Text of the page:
In the midst of the news of Disney’s acquisition of Lucasfilm last fall, it was announced that the studio was looking to release the first in a new trilogy of Star Wars films in 2015. Nearly everyone assumed that the date the studio was aiming for would be May 20th, the Wednesday before Memorial Day Weekend.
Why that date? Well, that Wednesday has been the traditional day that a Star Wars film hits theaters ever since 1977 when the initial film in the franchise opened.
But Badass Digest is hearing that that tradition might be broken with Episode VII and that the studio is currently looking at a date in mid-December of 2015, six months later than what fans were expecting.
Now nothing is official, and the studio hasn’t committed to any date as of right now.
But I can’t say that I blame them.
Currently, 2015 is looking to be a big year for genre films and Episode VII, for all the excitement in the air around it, is just one of several 800-pound gorillas in the room. Just a few weeks before the presumed May release date, Disney has Marvel Studio’s The Avengers: Age Of Ultron opening on May 1. I’ve said before that I wouldn’t be surprised if the studio wanted to give the film some room to dominate at the box office for several weeks, just the same way The Avengers did last summer, and would push off Episode VII accordingly. In June, Disney has the Pixar film Inside Out hitting screens on the 19th and July will see them release the fifth Pirates Of The Caribbean film on the 10th. Even though August is not quite the dumping ground it used to be for films, I still don’t see Disney opening up something as prestigious as a new Star Wars film in that month.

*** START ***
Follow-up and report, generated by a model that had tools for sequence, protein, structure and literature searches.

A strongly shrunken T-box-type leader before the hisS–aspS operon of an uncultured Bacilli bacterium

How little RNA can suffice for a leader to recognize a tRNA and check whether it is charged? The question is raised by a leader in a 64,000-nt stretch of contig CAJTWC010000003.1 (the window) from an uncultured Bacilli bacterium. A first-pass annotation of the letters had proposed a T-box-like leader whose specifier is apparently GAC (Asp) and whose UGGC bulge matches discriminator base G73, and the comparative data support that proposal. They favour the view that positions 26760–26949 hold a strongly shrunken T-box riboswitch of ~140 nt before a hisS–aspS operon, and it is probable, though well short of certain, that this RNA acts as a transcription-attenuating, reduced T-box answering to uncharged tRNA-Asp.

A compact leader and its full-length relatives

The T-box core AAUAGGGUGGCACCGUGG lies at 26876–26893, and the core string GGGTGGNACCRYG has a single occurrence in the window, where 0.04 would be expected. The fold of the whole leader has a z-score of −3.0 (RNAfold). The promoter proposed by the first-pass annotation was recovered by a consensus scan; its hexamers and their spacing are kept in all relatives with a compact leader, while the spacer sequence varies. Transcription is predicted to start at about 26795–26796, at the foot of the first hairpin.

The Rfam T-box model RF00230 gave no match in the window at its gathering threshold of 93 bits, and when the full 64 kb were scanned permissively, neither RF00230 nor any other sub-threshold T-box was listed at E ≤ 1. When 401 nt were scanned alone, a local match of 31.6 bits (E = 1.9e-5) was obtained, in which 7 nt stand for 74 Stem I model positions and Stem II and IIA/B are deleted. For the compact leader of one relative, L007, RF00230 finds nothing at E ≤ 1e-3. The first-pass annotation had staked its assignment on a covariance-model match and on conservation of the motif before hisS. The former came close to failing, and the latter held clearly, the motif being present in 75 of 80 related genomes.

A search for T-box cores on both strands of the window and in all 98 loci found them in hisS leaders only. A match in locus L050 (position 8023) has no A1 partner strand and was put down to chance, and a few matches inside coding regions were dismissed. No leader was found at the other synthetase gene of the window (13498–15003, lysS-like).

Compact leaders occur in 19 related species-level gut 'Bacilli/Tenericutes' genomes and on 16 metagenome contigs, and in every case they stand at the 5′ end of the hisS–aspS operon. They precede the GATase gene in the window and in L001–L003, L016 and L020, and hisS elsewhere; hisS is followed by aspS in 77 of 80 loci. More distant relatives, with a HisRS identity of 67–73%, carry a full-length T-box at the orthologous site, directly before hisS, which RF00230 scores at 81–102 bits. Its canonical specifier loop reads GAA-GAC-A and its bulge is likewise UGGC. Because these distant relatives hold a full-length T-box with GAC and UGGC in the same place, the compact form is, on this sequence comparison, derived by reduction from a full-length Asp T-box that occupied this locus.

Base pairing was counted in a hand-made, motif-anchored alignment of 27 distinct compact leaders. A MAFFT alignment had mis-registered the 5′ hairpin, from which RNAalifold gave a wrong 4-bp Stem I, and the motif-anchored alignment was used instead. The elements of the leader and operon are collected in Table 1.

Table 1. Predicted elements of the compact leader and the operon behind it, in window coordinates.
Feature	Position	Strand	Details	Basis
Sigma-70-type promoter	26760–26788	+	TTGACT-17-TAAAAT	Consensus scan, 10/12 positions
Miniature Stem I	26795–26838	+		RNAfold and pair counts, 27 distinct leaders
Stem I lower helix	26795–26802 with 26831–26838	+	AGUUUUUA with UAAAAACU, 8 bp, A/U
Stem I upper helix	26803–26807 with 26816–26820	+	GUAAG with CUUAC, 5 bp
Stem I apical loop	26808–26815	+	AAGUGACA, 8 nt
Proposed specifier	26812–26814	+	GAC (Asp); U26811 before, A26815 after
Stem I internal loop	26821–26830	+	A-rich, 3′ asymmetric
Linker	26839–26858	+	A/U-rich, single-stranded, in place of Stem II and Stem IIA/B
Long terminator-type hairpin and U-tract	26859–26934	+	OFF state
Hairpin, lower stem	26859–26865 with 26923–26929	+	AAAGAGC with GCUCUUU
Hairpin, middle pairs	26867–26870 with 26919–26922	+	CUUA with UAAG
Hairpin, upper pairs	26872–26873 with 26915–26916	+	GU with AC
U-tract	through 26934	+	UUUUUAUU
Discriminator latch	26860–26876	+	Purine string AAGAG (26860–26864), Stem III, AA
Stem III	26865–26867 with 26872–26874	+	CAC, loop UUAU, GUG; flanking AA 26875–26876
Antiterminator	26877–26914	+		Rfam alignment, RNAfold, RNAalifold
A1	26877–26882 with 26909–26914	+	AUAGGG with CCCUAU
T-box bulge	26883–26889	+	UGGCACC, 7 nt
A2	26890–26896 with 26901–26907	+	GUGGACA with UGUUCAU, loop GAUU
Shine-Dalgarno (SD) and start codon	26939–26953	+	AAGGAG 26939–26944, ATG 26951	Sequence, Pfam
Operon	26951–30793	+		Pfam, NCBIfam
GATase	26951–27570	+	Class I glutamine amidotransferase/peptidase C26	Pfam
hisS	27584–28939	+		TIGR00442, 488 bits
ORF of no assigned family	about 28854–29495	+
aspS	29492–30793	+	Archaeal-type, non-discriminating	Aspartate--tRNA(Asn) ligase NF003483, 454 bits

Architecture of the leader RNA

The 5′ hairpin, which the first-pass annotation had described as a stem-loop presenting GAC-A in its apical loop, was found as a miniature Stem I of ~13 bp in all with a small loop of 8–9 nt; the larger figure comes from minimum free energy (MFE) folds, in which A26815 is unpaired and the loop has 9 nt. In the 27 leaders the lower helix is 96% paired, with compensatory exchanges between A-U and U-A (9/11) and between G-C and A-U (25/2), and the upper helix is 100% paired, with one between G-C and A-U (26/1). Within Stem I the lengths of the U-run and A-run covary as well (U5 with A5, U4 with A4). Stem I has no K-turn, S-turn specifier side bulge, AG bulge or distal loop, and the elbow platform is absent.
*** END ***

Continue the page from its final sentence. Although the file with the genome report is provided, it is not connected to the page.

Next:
Holding the film until December – where its biggest competitor could possibly be James Cameron’s Avatar 3 but only if he actually gets into production in time to make that date – seems like a sound decision.
And besides, Peter Jackson has shown us that a highly anticipated film trilogy can do pretty well at the box office in December. Still, I have to admit to a touch of melancholy that the franchise that epitomizes (in a godd way) the term “summer movie” won’t be debuting its newest offering in that season.